Winthrop resident Bob Wilson used to always say “coming in hot!” and it seems that even in the afterlife, Bob has been able to retain that keep-you-on-your-toes mischievous spark of energy. Bob passed away late this spring, and has been remembered through a series of memorials in the valley and in the region, including his funeral at Chelan Lutheran and some eventful moments leading up to it.
Years ago, Dotti and Bob both signed up with the Neptune Society, which helps families create and execute cremation plans. When Bob died, Neptune representatives from Spokane came for him and arranged for cremation. “I was then in contact with them regarding getting the death certificate and ashes back,” says Dotti.
But three days before the planned funeral in Chelan, Neptune had not received the death certificate, so could not continue the process. Two days prior, all paperwork was in order, and Neptune mailed both paperwork and Bob back to Dotti at the Winthrop Post Office.
One day prior, Dotti checked her mail—no Bob. Dina at the Winthrop PO told Dotti it takes two days for packages from Spokane to arrive and said that if Dotti showed up at the Winthrop PO at 11 a.m. on Saturday, she would be able to claim Bob’s ashes, if they had arrived.
The funeral, however, was scheduled to start at 10 a.m. in Chelan. Dotti called Pastor Palumbo, with whom she had been working on ceremony details, to break the news that Bob might not be present for the funeral, and the pastor agreed to change the service to accommodate that absence.
Now here’s where Methow kindness and straight-up serendipity kicked in. On the day of Bob’s funeral, Dotti and her daughter Sara were picking up Dotti’s son Mike at 8 a.m. to head to Chelan without Bob. As they were standing in Mike’s driveway loading up, Dotti’s phone rang. It was Louise at the Winthrop PO, saying that all certificates and Bob’s ashes had arrived, and that she would wait at the PO until Dotti could get there to pick them up. “Thus we arrived for Bob’s funeral, and so did Bob,” Dotti says, adding that the PO staff’s actions are “examples of the normal caring behavior of people in the valley.”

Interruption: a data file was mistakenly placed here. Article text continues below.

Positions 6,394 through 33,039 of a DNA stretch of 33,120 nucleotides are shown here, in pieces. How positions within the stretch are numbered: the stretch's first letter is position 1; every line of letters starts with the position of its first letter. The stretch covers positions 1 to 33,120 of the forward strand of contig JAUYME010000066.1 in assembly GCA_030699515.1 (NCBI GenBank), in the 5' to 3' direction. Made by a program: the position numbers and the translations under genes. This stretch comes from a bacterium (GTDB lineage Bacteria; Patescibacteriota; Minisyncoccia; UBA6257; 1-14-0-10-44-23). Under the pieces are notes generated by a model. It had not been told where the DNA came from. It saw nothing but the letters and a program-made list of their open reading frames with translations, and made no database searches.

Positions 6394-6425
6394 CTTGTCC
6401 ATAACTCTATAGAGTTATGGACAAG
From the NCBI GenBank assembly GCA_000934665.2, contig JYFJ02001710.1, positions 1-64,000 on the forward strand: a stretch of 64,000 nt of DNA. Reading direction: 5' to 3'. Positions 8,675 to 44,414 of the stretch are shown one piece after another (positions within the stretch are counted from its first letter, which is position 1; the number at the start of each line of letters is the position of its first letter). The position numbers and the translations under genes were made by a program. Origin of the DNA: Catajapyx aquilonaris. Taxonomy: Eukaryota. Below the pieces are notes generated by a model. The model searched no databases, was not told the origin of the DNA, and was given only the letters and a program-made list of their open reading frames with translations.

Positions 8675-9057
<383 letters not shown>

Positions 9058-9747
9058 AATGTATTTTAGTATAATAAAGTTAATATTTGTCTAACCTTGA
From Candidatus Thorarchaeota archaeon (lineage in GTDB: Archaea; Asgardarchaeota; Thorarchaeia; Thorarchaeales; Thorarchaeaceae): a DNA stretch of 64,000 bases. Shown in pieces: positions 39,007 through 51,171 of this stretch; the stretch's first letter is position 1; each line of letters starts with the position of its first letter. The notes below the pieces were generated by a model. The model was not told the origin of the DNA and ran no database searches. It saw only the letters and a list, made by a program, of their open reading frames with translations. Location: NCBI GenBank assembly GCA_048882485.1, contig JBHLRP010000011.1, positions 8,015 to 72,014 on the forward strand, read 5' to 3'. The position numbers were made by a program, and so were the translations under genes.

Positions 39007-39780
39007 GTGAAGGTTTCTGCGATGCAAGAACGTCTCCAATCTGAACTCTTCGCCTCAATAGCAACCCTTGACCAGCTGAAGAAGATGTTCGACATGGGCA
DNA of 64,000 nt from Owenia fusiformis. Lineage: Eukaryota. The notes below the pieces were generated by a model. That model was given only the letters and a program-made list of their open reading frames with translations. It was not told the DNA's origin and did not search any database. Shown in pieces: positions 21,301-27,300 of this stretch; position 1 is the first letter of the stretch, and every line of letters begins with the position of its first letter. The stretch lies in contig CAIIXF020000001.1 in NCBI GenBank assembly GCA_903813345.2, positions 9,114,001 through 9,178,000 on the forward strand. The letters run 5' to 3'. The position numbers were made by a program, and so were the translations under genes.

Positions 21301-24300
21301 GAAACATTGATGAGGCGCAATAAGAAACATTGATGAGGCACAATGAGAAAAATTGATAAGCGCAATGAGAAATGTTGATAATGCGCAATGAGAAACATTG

Another example of this kindheartedness was the Bob Wilson Memorial Bike Ride on June 16, where about 35 people showed up to ride from Bob and Dotti’s place to Steve and Leslie Harrop’s house on Wolf Creek Road. “It was all ages,” says friend and neighbor Jane Hubrig, “from Dani Golden’s youngest in a Burley trailer to [names redacted] in their mid-60s and beyond.”
Jane says, “We told stories on Steve’s front porch and toasted Bob with champagne, orange juice and lemonade.” Sparkly, sweet and slightly tart — just like Bob.
The final official memorial for Bob will be in Colorado Springs, Colorado, in August — an interment with full military honors — but the memories of Bob and the anecdotes about this compassionate and accomplished man will last long beyond that. For many around here, Bob will forever be “coming in hot.”